What would you think of football players that go to all the team meetings, take part in every practice, even suit up on game day and engage in the pregame warmups, but sit on the sidelines eating snack cakes and refuse to get into the game?
How about an aspiring sales executive who goes through weeks of sales training, gets her sales kit and spends many hours familiarizing herself with the presentation, follows guidelines to “dress for success” (as the best-selling book of years past suggested), but never makes a sales call?
Sounds silly, right? Why bother making the preparations, obtaining the necessary equipment and putting on the best possible appearance, only to remain a spectator while others become actively engage in the work to be done?
|Too many of us are sitting along the|
sidelines watching, when we should
be getting into the game.
Yet these could describe many who would classify themselves as followers of Jesus Christ. They show up every time the church doors are opened and attend every special meeting. They sing and sway to the music, sometimes raising their hands, attend Sunday school classes, and know the prescribed jargon. “God is good” and “praise the Lord” are phrases they often express.
Sadly, there’s a disconnect. The folks they are inside the “stained-glass aquarium” look surprisingly little like the persons they are outside the church doors. I know, because I was once among them.
I’d take part in various church functions, walk and talk the proper way in those surroundings. I even held leadership positions within the congregation. But I barely knew this Jesus I claimed to believe in. Outside the church environment, I didn’t look, speak or think much differently from my unchurched friends and coworkers. I acted as if God were confined to the church building and had no idea what I did when I wasn’t there.
Only later did I discover the difference between belief and faith. We see the distinction described in the New Testament book of James. It cautions, “You believe that there is one God. Good! Even the demons believe that – and shudder” (James 2:19). But we won’t be seeing demons in heaven.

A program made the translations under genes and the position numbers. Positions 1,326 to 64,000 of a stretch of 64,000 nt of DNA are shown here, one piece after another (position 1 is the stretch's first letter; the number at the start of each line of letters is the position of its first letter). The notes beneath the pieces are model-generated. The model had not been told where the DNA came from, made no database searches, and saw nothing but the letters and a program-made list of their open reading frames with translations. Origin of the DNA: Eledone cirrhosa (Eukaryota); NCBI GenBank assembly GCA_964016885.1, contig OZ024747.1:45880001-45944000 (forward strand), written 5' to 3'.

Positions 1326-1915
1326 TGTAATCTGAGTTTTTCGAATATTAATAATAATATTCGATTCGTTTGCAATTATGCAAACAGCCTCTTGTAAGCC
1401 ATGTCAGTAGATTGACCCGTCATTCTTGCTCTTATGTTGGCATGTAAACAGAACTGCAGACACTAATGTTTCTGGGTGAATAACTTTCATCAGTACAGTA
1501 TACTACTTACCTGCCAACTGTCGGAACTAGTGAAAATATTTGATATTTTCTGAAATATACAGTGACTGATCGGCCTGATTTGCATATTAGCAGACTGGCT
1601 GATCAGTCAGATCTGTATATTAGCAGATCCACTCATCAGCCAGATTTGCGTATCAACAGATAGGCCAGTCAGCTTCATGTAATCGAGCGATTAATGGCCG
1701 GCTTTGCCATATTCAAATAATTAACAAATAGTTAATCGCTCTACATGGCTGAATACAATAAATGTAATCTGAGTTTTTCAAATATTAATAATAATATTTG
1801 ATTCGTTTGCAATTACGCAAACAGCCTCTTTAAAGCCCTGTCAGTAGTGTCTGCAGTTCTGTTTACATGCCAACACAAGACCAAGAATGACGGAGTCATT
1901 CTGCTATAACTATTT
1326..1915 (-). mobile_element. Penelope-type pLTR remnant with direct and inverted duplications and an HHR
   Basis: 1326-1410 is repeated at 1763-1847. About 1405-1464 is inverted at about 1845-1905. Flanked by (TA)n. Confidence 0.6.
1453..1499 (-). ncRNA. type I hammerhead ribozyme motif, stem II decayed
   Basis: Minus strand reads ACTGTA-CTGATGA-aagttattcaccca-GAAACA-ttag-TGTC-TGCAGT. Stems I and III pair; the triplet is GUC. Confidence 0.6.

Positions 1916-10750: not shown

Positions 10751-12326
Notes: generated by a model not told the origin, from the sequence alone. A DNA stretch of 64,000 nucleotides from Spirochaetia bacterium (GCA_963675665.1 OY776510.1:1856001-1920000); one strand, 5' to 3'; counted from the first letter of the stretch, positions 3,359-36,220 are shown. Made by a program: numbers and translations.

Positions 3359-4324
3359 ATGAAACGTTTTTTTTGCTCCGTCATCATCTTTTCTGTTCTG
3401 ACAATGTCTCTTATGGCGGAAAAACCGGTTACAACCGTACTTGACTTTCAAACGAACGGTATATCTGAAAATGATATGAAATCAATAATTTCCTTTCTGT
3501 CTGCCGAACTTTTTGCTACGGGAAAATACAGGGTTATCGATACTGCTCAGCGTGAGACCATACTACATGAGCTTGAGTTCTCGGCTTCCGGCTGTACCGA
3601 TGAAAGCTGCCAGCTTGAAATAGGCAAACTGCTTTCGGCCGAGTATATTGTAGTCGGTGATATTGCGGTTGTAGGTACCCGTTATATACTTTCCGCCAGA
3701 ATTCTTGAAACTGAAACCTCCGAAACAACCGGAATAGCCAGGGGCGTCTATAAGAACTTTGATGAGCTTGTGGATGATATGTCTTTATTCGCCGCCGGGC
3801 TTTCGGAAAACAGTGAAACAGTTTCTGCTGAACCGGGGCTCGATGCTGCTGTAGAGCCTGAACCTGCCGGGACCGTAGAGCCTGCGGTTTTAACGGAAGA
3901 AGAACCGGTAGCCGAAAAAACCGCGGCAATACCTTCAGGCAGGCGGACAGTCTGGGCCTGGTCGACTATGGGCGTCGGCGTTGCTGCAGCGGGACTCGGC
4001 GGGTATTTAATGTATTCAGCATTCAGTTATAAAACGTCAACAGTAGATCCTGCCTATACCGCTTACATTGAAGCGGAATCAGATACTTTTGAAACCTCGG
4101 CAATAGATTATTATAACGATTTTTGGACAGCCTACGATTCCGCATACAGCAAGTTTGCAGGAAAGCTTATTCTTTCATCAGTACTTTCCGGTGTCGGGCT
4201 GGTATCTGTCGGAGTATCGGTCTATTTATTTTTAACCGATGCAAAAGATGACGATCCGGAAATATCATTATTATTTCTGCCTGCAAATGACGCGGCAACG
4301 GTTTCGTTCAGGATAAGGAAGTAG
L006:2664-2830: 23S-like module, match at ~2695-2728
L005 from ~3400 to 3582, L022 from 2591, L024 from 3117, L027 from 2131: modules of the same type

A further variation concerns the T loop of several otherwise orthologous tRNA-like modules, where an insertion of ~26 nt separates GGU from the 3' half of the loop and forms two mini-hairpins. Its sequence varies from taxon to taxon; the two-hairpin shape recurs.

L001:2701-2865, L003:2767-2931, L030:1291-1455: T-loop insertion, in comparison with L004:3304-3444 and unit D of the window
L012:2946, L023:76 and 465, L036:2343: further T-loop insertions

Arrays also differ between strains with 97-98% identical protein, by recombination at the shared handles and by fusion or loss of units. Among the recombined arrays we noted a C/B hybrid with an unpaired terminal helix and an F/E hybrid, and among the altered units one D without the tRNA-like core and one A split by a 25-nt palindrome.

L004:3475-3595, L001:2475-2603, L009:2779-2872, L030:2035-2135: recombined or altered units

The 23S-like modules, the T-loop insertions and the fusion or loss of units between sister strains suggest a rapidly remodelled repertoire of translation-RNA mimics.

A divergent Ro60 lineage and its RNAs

True faith, the Bible tells us, can’t be divorced from action. The same book offers this warning: “Do not merely listen to the word, and so deceive yourselves. Do what it says. Anyone who listens to the word but does not do what it says is like a man who looks at his face in a mirror and, after looking at himself, goes away and immediately forgets what he looks like. But the man who looks intently into the perfect law that gives freedom, and continues to do this, not forgetting what he has heard, but doing it – he will be blessed in what he does” (James 1:22-25).
This doesn’t mean we’re saved or made right with God by what we do. The Scriptures are clear on this: “For it is by grace you have been saved, through faith – and this not from yourselves, it is the gift of God – not by works…” (Ephesians 2:8-9). Titus 3:5 confirms this, noting, “he saved us, not because of righteous things we had done, but because of his mercy….”
So why is it important to be participants in God’s eternal mission, and not just spectators cheering on those that are “in the game”? Because the Bible clearly declares being a Christ follower is not a spectator sport. “For we are God’s workmanship, created in Christ Jesus to do good works, which God prepared in advance for us to do” (Ephesians 2:10). Being casual observers is not an option.
Then what are these “good works”? They start with the two greatest commandments that Jesus summarized – loving the Lord our God with all our heart and soul, mind and strength and our neighbor as ourselves (Mark 12:30-31). But this involves a lot of things, from being kind and compassionate toward those in need to engaging in the last command Jesus gave before His ascension:
“Therefore go and make disciples of all nations…teaching them to obey everything I have commanded you” (Matthew 28:19-20).